Bioluminescence imaging with luciferase-luciferin pairs is a well-established technique for visualizing biological processes across tissues and whole organisms. Applications at the microscale, by contrast, have been hindered by a lack of detection platforms and easily resolved probes. We addressed this limitation by combining bioluminescence with phasor analysis, a method commonly used to distinguish spectrally similar fluorophores. We built a camera-based microscope equipped with special optical filters to directly assign phasor locations to unique luciferase-luciferin pairs. Six bioluminescent reporters were easily resolved in live cells, and the readouts were quantitative and instantaneous. Multiplexed imaging was also performed over extended time periods. Bioluminescent phasor further provided direct measures of resonance energy transfer in single cells, setting the stage for dynamic measures of cellular and molecular features. The merger of bioluminescence with phasor analysis fills a long-standing void in imaging capabilities, and will bolster future efforts to visualize biological events in real time and over multiple length scales.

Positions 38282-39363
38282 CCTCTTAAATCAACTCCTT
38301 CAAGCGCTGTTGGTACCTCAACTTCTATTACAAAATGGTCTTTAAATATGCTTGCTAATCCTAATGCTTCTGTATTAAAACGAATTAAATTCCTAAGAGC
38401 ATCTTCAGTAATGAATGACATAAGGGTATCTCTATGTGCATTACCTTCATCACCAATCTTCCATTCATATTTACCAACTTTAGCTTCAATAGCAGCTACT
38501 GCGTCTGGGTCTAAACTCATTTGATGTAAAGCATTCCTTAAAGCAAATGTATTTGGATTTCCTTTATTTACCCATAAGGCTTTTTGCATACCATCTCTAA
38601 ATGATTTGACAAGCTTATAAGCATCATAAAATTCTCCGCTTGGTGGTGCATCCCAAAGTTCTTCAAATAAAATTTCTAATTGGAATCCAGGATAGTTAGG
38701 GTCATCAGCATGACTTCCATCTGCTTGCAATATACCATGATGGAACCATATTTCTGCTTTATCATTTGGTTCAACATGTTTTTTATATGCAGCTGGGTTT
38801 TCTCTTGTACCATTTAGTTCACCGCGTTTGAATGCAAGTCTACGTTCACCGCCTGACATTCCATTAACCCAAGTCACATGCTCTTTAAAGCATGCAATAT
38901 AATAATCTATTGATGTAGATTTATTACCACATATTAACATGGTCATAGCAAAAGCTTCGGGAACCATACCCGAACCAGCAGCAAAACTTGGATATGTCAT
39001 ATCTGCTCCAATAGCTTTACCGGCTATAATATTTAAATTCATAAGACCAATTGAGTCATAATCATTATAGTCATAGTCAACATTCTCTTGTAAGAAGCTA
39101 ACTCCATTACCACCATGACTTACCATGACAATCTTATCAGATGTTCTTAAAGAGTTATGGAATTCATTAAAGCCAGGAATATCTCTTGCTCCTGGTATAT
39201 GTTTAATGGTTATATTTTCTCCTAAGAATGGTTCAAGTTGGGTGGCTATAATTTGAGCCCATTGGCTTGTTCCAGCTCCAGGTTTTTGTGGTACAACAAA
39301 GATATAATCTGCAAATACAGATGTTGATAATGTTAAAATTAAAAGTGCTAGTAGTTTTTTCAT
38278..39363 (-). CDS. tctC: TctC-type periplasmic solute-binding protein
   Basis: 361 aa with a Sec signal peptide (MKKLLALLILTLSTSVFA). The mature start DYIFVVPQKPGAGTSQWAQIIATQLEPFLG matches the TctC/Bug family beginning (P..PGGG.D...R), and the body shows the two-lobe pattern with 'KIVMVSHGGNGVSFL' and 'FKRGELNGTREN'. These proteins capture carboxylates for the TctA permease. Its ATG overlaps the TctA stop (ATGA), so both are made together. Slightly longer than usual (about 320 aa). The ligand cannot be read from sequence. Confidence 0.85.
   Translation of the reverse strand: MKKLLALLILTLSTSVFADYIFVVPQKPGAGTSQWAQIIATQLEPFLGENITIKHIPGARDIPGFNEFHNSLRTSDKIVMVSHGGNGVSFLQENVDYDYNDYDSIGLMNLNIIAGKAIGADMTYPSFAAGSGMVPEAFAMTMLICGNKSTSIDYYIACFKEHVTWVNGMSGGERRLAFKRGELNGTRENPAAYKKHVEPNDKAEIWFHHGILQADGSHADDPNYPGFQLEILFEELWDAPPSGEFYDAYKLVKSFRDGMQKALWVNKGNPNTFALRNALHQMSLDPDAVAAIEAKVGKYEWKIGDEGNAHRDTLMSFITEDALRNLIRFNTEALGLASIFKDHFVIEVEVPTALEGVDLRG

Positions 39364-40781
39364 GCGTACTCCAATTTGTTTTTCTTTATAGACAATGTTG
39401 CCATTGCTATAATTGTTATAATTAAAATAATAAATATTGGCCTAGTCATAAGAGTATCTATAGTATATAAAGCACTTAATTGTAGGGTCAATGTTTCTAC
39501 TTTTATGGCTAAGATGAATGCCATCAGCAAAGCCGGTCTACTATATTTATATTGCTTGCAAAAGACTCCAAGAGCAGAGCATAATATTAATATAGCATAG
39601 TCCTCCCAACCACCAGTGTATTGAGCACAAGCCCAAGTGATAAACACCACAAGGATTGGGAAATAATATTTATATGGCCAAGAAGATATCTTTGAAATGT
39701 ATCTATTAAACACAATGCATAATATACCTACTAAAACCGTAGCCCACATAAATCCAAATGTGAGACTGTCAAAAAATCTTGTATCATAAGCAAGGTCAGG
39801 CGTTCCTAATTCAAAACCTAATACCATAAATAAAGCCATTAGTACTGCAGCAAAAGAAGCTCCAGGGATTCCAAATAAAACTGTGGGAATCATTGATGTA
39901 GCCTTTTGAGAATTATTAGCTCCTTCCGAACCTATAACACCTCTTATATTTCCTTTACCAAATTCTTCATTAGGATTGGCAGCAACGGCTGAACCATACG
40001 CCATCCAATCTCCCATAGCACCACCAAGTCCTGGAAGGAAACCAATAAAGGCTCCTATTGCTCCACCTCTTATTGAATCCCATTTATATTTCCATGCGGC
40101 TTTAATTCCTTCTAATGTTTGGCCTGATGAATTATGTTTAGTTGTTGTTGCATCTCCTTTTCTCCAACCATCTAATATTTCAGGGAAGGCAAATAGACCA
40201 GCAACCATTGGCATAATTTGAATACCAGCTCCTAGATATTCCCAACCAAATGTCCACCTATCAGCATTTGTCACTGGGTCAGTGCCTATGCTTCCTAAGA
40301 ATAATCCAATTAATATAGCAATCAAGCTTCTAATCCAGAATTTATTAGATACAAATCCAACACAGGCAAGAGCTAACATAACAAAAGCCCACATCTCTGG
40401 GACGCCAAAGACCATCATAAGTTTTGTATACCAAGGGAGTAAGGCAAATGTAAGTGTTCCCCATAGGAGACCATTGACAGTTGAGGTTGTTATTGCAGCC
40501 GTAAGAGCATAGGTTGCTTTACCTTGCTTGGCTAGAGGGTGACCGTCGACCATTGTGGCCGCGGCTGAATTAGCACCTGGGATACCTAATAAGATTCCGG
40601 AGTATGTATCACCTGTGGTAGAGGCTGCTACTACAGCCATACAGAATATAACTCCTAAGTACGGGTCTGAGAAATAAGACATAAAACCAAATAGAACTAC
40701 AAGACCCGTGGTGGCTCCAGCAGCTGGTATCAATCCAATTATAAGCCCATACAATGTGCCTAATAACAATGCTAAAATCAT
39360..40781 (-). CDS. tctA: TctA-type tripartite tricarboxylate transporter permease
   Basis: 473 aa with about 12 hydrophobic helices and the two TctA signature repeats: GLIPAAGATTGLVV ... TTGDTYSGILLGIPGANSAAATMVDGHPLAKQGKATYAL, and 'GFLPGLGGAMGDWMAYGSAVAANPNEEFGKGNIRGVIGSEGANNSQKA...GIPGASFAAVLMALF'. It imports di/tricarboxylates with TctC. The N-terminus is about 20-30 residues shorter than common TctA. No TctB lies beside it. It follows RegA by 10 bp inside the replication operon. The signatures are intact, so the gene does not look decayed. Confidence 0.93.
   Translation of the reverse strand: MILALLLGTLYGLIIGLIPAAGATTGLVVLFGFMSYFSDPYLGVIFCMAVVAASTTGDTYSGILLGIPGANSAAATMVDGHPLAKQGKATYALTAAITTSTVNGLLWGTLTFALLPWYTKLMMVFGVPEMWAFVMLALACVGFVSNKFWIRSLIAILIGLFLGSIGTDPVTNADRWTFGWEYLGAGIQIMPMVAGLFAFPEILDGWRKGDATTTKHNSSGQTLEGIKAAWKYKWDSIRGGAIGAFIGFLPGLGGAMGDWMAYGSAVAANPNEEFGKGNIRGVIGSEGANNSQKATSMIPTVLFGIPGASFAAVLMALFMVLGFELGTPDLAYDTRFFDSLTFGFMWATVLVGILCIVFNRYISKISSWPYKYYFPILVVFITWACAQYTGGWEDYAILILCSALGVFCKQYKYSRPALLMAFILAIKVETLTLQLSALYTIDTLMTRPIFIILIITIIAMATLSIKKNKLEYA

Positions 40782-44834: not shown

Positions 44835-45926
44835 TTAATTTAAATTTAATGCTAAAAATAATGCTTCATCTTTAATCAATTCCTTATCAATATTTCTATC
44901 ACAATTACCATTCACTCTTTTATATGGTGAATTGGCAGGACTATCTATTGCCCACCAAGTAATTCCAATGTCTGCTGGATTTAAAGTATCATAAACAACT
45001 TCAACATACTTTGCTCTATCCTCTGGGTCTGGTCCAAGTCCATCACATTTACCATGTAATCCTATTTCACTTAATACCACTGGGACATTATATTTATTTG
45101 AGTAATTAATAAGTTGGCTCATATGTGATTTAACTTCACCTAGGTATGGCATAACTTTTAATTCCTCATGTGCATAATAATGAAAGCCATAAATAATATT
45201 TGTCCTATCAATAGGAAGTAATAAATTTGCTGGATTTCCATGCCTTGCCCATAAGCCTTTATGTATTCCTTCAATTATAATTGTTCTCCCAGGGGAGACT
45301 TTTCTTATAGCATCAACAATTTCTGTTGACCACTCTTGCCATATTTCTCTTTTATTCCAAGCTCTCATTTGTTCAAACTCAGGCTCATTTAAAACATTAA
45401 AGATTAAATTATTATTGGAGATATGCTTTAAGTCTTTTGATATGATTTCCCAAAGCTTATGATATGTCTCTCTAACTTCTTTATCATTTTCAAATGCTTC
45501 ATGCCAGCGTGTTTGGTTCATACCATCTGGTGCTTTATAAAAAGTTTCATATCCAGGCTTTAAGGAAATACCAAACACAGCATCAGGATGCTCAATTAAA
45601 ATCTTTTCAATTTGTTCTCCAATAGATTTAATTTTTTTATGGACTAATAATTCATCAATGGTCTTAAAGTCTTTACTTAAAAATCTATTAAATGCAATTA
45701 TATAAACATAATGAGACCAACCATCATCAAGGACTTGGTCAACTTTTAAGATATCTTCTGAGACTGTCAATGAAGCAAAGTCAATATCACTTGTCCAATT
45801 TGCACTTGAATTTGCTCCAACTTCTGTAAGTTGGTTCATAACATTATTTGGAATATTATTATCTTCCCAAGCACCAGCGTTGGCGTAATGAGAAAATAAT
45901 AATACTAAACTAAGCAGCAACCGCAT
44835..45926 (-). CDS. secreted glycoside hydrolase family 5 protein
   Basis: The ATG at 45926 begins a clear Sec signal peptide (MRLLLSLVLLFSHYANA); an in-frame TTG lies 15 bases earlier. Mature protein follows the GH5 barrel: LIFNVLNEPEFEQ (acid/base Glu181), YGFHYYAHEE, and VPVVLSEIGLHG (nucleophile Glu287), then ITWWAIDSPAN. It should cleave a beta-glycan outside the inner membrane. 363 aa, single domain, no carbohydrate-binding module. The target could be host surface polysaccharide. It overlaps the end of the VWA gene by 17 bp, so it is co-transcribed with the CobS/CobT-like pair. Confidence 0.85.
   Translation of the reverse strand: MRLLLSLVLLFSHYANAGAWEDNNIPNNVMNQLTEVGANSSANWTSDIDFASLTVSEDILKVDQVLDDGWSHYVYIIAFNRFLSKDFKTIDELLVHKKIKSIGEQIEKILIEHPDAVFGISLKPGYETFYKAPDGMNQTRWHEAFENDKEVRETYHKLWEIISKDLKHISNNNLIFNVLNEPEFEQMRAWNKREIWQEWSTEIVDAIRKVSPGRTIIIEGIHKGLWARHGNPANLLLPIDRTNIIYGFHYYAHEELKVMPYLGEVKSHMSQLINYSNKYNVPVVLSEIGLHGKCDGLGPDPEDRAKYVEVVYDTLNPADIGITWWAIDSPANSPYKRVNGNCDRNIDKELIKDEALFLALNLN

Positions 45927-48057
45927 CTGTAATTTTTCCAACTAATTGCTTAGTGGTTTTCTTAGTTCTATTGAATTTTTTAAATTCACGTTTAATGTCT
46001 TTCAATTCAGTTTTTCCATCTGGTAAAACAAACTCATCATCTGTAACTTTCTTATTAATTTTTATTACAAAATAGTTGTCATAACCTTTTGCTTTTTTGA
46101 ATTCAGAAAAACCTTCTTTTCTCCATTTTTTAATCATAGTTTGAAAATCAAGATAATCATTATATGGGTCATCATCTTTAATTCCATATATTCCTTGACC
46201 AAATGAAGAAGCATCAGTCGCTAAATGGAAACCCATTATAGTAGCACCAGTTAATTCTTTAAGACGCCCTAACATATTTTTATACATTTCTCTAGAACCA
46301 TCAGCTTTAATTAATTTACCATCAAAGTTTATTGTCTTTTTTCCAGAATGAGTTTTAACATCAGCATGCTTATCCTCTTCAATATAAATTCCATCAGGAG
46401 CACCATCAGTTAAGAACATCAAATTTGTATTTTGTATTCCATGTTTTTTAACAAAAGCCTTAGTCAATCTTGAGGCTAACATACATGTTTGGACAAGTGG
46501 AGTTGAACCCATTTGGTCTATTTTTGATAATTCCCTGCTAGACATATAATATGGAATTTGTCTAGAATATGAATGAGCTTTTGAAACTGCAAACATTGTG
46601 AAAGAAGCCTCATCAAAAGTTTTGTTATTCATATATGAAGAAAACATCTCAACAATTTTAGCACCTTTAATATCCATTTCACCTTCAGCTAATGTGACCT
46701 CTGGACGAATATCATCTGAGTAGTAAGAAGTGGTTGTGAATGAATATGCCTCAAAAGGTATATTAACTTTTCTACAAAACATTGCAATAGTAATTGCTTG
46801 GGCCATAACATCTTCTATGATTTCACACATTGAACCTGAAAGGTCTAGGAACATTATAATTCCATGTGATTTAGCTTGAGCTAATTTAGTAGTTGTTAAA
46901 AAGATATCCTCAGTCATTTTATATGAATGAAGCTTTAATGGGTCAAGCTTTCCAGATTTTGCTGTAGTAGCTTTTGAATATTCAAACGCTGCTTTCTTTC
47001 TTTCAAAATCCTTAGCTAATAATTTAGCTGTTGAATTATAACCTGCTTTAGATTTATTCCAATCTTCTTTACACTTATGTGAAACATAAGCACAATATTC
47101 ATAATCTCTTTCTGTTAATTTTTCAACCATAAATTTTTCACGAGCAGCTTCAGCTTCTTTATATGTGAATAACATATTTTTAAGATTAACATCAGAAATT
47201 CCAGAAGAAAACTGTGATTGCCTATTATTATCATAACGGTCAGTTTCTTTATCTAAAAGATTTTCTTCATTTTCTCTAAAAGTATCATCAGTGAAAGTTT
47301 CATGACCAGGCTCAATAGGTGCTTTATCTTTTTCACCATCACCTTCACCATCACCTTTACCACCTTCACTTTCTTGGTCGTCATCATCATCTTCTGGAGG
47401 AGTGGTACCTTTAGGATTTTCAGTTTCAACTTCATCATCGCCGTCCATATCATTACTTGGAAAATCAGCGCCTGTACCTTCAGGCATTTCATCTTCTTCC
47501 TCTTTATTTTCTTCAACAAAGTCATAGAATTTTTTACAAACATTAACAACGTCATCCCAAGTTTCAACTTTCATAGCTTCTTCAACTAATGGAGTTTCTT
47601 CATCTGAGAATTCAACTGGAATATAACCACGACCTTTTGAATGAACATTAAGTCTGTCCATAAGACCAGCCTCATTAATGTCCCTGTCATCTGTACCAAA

© 2022. The Author(s), under exclusive licence to Springer Nature America, Inc.